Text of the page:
In summary, the potential target market could be as little as one third of the population, and their potential additional expenditure is about 25 per cent of their income. Just to be clear, this is still a large number and China remains an attractive market, but this potential is very different from the initial assumption that there are 1.3 billion people who save half of their income and are lining up to purchase European products.
One way to increase consumer spending to is to increase wages, a view shared by our friend Michael Pettis of Peking University, one of the most vocal economists in this area. And this brings me to the second point of this article: GDP growth.
GDP growth in China is mainly driven by government investment and the faster the GDP growth, the more imbalanced the economy becomes. This is because the contribution to GDP from consumption tends to decrease, even if, in recent months, this trend seems to have improved. Using corporations’ annual results as a metaphor, and imagining that a country’s GDP corresponds to a company’s revenues, Chinese ‘revenues’ are of a low quality. It is as if, say, a retail company grew its sales volume by increasing the number of shops: total revenues naturally grow, but same-store revenues may not and, even more worryingly, return on investment (ROI) may be negative (and I suspect this is the case for most Chinese investment projects).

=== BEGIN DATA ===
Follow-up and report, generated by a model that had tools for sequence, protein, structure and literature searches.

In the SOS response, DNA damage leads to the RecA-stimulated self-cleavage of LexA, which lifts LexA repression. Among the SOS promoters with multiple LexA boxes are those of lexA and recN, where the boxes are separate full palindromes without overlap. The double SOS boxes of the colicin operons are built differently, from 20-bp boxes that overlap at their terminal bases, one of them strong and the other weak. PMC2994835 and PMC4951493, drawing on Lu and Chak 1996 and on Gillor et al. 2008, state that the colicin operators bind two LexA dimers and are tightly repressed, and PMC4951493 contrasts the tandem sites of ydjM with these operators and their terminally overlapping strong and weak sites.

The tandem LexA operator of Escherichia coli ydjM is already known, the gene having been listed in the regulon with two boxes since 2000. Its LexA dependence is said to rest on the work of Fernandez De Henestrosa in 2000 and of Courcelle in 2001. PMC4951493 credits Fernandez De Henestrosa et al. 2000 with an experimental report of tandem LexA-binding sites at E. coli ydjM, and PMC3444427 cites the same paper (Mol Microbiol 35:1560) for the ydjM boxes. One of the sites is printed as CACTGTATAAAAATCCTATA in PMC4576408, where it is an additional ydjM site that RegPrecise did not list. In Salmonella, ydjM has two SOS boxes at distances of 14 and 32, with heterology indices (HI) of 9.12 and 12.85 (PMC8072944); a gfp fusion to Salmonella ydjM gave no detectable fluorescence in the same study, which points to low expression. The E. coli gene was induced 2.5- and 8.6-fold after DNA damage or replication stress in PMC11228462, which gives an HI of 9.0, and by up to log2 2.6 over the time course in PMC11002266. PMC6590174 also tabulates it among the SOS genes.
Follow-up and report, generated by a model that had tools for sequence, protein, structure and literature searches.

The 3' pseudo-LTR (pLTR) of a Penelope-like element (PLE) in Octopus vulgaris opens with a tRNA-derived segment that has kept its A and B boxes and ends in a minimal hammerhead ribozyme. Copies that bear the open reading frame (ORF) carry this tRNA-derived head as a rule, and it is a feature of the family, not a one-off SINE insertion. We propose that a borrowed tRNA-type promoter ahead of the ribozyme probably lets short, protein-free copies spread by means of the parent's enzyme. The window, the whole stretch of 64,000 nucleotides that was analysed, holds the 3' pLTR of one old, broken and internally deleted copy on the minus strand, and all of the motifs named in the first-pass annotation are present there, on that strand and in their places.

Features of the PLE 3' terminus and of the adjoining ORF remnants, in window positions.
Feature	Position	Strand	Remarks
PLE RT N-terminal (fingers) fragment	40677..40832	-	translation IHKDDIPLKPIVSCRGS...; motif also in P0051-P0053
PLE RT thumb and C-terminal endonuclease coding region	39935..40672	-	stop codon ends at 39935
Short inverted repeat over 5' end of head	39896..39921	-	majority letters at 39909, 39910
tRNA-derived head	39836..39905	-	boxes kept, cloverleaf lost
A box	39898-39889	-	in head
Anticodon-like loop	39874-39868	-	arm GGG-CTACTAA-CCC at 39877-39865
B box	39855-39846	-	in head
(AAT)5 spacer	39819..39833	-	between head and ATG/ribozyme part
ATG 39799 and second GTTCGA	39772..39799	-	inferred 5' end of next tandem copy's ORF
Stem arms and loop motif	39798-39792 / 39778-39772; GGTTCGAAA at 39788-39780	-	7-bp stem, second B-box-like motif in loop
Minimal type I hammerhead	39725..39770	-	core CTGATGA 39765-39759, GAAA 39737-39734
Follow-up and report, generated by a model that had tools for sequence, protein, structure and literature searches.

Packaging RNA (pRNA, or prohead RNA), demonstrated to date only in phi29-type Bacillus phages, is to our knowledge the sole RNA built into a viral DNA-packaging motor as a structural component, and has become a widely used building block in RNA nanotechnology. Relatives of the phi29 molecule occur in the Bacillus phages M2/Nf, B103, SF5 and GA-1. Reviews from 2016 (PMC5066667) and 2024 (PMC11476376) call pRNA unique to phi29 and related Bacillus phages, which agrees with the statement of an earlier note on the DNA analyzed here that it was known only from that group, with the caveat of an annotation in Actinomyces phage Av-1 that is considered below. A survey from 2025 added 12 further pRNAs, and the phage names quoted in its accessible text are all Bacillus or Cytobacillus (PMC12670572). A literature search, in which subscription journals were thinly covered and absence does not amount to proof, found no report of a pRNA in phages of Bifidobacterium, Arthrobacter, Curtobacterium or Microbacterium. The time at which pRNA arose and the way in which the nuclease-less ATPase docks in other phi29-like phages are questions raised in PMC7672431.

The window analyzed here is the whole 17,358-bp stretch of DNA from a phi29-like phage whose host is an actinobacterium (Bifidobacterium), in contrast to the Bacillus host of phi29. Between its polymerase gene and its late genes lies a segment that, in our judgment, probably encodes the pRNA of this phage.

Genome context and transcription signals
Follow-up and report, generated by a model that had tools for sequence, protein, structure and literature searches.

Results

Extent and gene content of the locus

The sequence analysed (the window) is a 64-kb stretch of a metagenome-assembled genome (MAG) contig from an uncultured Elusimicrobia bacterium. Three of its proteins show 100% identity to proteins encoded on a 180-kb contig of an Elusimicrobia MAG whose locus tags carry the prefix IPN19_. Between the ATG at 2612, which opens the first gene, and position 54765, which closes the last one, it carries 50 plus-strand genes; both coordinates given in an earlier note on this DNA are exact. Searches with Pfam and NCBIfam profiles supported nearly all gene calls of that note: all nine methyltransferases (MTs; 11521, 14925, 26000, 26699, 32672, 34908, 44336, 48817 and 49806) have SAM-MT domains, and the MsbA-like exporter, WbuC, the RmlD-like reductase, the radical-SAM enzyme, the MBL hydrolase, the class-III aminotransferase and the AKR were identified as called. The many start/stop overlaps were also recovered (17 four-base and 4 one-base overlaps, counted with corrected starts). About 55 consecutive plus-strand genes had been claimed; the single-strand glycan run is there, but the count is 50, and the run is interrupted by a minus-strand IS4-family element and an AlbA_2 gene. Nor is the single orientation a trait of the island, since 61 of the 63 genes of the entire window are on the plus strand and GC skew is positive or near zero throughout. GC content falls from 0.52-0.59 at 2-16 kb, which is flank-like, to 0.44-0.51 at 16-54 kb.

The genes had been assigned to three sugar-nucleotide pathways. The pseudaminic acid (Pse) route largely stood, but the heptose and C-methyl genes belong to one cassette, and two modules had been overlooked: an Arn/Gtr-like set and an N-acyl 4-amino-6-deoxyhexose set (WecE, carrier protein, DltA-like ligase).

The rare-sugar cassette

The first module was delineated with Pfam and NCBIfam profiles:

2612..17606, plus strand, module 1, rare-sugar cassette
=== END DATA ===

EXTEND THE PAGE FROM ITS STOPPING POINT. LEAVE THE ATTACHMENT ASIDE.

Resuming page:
This GDP growth model, that favours large infrastructure projects, works well for resources and raw materials-rich exporters; unfortunately, countries like Australia, Chile and Russia, do not belong to the European Union. But the current model has benefited countries like Germany that — thanks to the artificial system called the eurozone — has successfully exported its technology products to China.
The challenge for China is to improve the quality of its GDP and make it more dependent on internal demand. This is process that will take several years, but it must be done, and the sooner the better. There are many ways that such rebalancing can be achieved. The one I favour is to, a) lower the GDP growth while, b) simultaneously spreading the economic growth more evenly across the population. The following charts below are a conceptual illustration of this idea.